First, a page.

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  • Fire Code Questions for Temporary Haunt

    Hello everyone! Im planning my first haunt for a business venture and I have a few questions about the necessary fire detection systems and related codes.
    Wed like to debut a small, low-budget haunt at a local fair in New Jersey using two 30x10 tents, with a 12x16 pallet structure in-between. The pallet structure would be covered with tarp. The total square footage of the structure would be about 30x30. Our total budget is around $2,000.

    Under International Building Code 2015, we would be classified as a Special Amusement Building, and would therefore have to install an automatic smoke detection system. According to the code, if a single smoke detector were to go off, it would have to be audible in a constantly attended location where someone would be able to intervene, activate the emergency lighting, and turn off any confusing sounds/lights. It seems reasonable that we could make that work.

    The problem is that the code also specifies that if two or more smoke detectors were to go off, all of those things would have to happen automatically.
    After some research, I cant seem to find any type of device that actually can do that (the closest thing I could find was a smoke detector stove shut-off). I assume that mean we would have to hire a company to install such a system for our haunt. For one, that seems like it may not be possible given our budget. Also, Im not even sure it is even feasible if these temporary tents have the infrastructure for such a system?

    The next dilemma is one Ive seen on these forums already: sprinklers. Fortunately, I do believe we would meet the exemption requirements:
    1. The building is not more than 1,000 square feet; or the portion of the building to be used as a special amusement is not greater than 1,000 square feet and the special amusement is separated from the rest of the building by fire resistive construction with a minimum one hour rating;
    2. The exit access travel distance does not exceed 50 feet;
    3. The special amusement is on the ground floor;
    4. A perimeter of 20 feet, suitable for firefighting ground operations, is provided around the building; and
    5. Sufficient fire department personnel and firefighting apparatus are standing by on site at all times that the special amusement building is occupied.

    The only qualification which we might have trouble with is the 20 ft. perimeter, but Ive also seen some documents which only include the square footage and exit travel distance, not the other qualifications. Does anyone know more about that?

    My main question is if any haunt builders out there know of any fire detection systems and/or temporary sprinklers systems that would work, and how much they cost.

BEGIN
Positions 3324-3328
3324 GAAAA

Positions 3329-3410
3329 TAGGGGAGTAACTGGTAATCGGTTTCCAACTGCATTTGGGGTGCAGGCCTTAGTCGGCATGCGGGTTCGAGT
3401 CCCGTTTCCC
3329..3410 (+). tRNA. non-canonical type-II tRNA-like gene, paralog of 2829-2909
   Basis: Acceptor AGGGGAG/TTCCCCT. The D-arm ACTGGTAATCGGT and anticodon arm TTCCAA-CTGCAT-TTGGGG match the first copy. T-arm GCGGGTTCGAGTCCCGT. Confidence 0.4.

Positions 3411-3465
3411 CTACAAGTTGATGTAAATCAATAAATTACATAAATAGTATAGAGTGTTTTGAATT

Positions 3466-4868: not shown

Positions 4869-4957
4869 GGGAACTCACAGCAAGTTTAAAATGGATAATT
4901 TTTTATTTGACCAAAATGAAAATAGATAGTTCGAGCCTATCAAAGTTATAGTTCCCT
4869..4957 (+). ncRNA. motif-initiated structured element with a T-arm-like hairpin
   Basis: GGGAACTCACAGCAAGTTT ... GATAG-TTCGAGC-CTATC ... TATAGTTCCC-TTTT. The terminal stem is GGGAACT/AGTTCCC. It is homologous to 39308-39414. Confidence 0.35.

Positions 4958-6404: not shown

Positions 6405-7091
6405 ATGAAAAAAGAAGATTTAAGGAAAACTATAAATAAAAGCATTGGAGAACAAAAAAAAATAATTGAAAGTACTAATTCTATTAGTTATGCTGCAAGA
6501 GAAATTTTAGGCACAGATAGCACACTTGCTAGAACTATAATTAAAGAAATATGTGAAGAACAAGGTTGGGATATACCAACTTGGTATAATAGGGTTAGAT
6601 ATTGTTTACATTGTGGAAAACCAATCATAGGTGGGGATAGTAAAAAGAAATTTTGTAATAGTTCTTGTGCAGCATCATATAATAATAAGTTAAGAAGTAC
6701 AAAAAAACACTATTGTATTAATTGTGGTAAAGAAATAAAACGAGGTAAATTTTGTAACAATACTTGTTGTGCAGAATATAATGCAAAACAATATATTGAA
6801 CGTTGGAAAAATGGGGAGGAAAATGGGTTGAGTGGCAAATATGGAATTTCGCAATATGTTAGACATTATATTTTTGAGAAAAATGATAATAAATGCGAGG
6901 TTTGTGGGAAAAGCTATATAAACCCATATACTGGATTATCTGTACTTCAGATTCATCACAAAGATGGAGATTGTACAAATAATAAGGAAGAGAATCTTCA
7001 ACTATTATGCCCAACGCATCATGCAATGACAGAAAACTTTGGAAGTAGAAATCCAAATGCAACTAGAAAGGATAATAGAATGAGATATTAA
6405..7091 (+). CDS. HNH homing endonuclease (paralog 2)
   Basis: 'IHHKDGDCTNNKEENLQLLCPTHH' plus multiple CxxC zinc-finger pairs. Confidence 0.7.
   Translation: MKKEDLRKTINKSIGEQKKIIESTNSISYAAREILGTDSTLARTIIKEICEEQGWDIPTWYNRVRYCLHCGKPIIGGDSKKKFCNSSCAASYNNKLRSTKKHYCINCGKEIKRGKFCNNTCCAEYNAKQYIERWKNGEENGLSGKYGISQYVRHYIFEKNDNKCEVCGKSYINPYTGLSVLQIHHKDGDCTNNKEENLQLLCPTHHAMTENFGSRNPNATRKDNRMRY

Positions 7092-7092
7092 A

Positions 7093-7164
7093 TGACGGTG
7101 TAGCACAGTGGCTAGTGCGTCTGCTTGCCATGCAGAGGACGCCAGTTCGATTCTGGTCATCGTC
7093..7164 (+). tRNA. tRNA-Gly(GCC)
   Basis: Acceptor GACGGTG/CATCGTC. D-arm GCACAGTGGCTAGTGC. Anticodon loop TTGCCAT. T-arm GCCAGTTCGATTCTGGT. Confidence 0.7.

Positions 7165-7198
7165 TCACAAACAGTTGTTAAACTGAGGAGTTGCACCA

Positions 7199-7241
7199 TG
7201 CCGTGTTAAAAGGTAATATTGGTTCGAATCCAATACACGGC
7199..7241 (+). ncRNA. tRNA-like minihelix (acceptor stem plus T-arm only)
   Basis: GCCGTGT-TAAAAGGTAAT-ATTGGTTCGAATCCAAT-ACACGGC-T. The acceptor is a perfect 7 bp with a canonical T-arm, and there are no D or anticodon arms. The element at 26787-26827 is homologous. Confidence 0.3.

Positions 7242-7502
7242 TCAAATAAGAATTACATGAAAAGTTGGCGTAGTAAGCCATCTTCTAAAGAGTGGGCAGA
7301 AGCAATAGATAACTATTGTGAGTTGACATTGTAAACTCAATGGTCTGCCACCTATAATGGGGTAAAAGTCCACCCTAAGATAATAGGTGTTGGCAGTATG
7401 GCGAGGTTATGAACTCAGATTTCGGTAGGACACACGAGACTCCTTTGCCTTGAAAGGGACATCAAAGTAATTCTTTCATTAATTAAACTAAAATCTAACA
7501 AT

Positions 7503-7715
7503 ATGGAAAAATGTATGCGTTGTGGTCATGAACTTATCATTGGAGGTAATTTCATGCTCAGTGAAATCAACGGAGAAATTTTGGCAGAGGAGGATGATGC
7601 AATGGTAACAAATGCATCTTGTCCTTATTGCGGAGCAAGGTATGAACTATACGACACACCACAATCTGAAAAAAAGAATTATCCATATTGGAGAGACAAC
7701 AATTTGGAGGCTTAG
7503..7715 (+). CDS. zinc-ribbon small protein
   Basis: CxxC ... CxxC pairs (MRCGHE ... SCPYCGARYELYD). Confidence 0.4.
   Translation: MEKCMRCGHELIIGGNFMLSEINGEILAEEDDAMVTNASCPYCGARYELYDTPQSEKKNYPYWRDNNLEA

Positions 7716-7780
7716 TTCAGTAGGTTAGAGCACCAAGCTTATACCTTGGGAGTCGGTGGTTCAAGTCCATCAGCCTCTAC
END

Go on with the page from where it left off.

And for anyone out there who might know a thing or two about fire code, is it possible for us to operate with a person at a constantly attended location, and bypass the need for the systems automatic functions? Also given that were constructing this primarily out of tents, not a building structure, could we be classified as an A-3, tent/membrane structure instead of a Special Amusement Building?

    Let me make it clear that safety is our first priority. Were not interested in putting anyone in danger or to hide from any laws. But it is hard for me to imagine a 30x30 ft. tent structure really needs such an intense fire system, but maybe I'm mistaken.

    Ive already reached out to some of the local municipalities, but given the circumstances with COVID 19, it could be some time before we hear back.

    Thanks for any and all help in advance.

  • #2
    as for the system that turns off everything that is done as a combination between your electrician and your alarm company... i have this same feature in the darkness. its not hard to do but first you need to focus on getting all heat detectors, those are wired into your alarm so if they go off its turns off the electric which then activates the emergency lights.

    Larry
    Larry Kirchner
    President
    www.HalloweenProductions.com
    www.BlacklightAttractions.com
    www.HauntedHouseSupplies.com
    www.HauntedHouseMagazine.com

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    • #3
      Okay makes sense. It will be interesting to see an alarm rigged to a temporary haunt of this size, but maybe it'll be a matter of putting a post out on craigslist and taking bids. Thanks!

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      • #4
        Also remember that just because it's in the code doesn't mean your local fire dept won't require more! In Vegas they created a separate category called "Haunted House" . So no matter the square foot, if it's in a building, tent , trailer or a cardboard box...if it's a haunted house it requires a sprinkler system and an AUTOMATIC emergency system. Both must be installed and permits pulled by a licenced Fire Protection company. If ONE sensor is triggered you must shut off ALL confusing lights and sounds and activate an automatic announcement. Always check with your local jurisdiction and ask what they require. You don't want to agree to rent or a sign a lease to find out the building can't comply or the cost to comply is too much to be profitable!!
        R&J Productions
        Las Vegas, NV
        www.LasVegasHaunts.com

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